Natural recovery from captivity and torture trauma Release from captivity does not necessarily imply safety for many political activists, as they often face the possibility of further arrest and torture. Acceptance by comrades is critical during this phase for several reasons. Most importantly, it enables them to re-establish contact with their political group and return to political activity. Those who have passed the litmus test of torture and demonstrated strength, integrity, and commitment to the cause by not cooperating with the torturers often enjoy considerable prestige and credibility in later political life. Indeed, we have come across a survivor who was perceived as a hero by his comrades because he broke the group record by being able to tolerate Palestinian hanging for 17 minutes. Fear or submission, on the other hand, is regarded as a sign of cowardice or personality weakness. We have seen a survivor who felt guilty long after her release from detention, because she accepted a cup of tea from her torturers during a brief break in the torture session – an act that she regarded as defeat and submission. Such group culture facilitates recovery by its strong emphasis on resilience and discouragement of fear, avoidance, and helplessness responses. Furthermore, after release from captivity, tortured group members are expected to resume political activity, which provides ample opportunities for exposure to trauma cues or reminders (e.g. police or army ofﬁcers) or other situations that pose a risk of further captivity and torture (e.g. political demonstrations, various political missions, etc.). Such repeated exposures to trauma cues and risk-taking behaviors appear to have resilience-building effects. Being part of a group also affords some protection from further threats of persecution and harassment, though this may not always prevent further occasions of capture and torture. We have observed similar recovery processes in other survivors of torture who were not part of a political group. For example, a young journalist who developed PTSD after his torture experience had considerable difﬁculty in maintaining his job because of extensive fear and avoidance of situations where he thought he might come across police ofﬁcers. At some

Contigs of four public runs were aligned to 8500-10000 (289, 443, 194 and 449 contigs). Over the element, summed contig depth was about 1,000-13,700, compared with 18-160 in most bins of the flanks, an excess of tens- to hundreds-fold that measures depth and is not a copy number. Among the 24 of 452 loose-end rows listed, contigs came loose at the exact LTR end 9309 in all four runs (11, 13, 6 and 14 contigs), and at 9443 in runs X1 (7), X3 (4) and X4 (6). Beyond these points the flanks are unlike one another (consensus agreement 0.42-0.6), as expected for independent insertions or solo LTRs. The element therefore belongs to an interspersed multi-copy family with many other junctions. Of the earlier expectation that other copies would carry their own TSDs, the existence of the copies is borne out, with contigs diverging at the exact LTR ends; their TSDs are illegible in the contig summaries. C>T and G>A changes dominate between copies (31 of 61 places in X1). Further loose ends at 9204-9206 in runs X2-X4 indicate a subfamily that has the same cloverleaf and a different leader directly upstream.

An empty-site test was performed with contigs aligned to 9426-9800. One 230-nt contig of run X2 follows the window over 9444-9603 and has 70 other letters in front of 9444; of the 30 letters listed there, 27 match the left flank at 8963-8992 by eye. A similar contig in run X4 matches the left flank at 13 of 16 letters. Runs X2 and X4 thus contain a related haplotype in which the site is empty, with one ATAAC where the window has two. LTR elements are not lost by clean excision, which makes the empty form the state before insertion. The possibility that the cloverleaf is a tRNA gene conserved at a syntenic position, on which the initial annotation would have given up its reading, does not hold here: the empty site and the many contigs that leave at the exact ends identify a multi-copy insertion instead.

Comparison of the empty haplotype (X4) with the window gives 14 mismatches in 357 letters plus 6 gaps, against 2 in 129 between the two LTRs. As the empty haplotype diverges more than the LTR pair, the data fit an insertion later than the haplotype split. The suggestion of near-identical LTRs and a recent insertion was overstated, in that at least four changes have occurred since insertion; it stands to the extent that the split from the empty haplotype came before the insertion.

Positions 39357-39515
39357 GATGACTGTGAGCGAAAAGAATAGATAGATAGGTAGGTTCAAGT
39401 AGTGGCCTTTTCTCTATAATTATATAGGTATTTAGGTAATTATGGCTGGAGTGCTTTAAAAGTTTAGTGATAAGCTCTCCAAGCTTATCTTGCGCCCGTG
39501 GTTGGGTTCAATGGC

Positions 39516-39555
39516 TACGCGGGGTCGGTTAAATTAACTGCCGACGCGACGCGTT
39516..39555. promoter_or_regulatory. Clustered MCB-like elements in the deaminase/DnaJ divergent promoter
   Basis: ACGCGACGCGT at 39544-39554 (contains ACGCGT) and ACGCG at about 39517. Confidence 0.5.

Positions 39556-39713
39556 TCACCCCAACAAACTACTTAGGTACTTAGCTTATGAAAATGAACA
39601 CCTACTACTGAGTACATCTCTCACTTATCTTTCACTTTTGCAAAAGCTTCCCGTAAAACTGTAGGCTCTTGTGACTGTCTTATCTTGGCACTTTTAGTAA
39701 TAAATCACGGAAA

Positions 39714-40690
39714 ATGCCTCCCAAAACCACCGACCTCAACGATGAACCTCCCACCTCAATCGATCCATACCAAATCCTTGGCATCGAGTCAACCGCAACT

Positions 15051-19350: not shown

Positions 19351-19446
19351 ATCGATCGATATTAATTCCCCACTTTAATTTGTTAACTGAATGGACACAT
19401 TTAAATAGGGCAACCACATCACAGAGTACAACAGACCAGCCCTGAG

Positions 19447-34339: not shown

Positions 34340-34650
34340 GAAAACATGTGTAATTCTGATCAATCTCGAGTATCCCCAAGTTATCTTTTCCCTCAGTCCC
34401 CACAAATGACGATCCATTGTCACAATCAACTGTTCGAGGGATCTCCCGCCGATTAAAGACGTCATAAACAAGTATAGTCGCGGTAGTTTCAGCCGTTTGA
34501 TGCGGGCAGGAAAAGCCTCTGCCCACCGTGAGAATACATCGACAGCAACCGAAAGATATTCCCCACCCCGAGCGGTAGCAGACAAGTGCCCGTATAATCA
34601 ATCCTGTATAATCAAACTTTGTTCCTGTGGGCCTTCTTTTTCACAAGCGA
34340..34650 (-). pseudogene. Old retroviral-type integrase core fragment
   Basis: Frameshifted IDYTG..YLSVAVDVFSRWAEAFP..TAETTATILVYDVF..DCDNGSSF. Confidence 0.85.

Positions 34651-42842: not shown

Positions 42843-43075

Chapter 2: A learning theory formulation of torture and war trauma